Calf rearing is an ideal enterprise for the more serious smallholder, but it’s now recognised that traditional farm buildings are not particularly well suited, due to poor ventilation and the difficulty of cleansing and disinfecting stone, brick or timber between batches. Small scale producers are unlikely to be able to justify the cost of a permanent purpose-built shed, so calf hutches provide an excellent solution. Similar in appearance to the plastic pig arks (but usually white in colour, to avoid overheating), each hutch is appropriately sized to hold one calf. Adjustable ventilation ensures good airflow, and integral bucket holders, accessible from the outside, make for easy routine management. Larger hutches are available for group rearing. When the calves outgrow their accommodation the hutches can be thoroughly cleaned, and moved to a fresh piece of ground, ensuring that there’s no risk of disease carry over from one batch to the next. This method of calf rearing has been proven to give lower mortality rates, due to reduced incidence of pneumonia and scours.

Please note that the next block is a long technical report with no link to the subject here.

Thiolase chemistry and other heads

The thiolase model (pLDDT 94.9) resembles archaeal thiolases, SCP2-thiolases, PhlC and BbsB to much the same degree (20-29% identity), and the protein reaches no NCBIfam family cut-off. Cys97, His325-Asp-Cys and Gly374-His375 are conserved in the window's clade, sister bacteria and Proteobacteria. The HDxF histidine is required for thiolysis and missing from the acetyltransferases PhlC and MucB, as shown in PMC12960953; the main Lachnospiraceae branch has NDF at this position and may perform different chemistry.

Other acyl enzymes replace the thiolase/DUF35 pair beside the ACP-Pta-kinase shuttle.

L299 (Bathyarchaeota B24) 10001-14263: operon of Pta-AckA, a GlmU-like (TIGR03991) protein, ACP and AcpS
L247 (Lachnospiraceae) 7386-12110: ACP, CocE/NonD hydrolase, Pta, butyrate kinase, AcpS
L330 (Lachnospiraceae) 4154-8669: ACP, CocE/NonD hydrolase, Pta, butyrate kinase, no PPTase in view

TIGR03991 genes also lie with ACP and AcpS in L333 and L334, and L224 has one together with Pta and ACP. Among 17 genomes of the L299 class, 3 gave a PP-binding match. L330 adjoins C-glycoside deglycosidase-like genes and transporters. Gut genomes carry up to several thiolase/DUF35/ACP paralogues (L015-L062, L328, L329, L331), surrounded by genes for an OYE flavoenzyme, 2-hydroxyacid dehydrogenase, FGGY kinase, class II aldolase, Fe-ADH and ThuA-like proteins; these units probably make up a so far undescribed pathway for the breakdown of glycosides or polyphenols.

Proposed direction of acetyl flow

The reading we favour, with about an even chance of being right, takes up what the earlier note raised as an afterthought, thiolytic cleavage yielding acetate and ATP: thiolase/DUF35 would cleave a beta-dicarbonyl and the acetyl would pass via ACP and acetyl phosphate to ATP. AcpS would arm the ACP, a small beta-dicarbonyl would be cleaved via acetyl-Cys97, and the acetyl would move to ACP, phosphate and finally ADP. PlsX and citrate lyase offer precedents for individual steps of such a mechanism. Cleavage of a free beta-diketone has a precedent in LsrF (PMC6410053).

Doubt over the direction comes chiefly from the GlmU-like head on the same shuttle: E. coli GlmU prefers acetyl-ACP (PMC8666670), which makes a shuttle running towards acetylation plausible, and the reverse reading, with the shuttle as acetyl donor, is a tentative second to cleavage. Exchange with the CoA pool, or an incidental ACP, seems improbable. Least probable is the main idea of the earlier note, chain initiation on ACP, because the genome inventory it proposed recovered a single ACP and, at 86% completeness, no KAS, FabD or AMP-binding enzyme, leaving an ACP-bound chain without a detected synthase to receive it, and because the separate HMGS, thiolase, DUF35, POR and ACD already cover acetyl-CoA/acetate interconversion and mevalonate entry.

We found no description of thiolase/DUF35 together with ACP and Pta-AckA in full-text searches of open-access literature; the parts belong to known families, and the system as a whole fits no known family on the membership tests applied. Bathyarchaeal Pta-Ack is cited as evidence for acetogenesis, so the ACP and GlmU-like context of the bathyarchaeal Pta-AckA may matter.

Small portable poultry houses (the sort with an attached run) provide the perfect means for smallholders to rotate cropping and land use in the vegetable garden. A lightweight ark suitable for up to half-a-dozen birds can easily be lifted and moved by two people, giving the hens a fresh piece of ground every couple of days or so. The house and run can be moved in stages across a fallow plot, where the hens will do a great job of breaking up the dense mat of vegetation, fertilising as they go. It can also be moved over the residue of harvested crops, allowing the birds to clean up the leftovers and eat any pests. The construction of a small poultry ark is a simple matter, and, if reclaimed materials are used, will cost next to nothing (if anything!). Larger poultry houses, on wheels or skids, are not moved so often (maybe only once or twice a year), but provide a central point from which a series of enclosures can be accessed in rotation. Electric poultry netting is ideal for creating temporary runs. Regardless of the type of accommodation you provide for your hens, it’s advised nowadays that you have a secure covered area in which they can be contained in the event of a bird flu outbreak.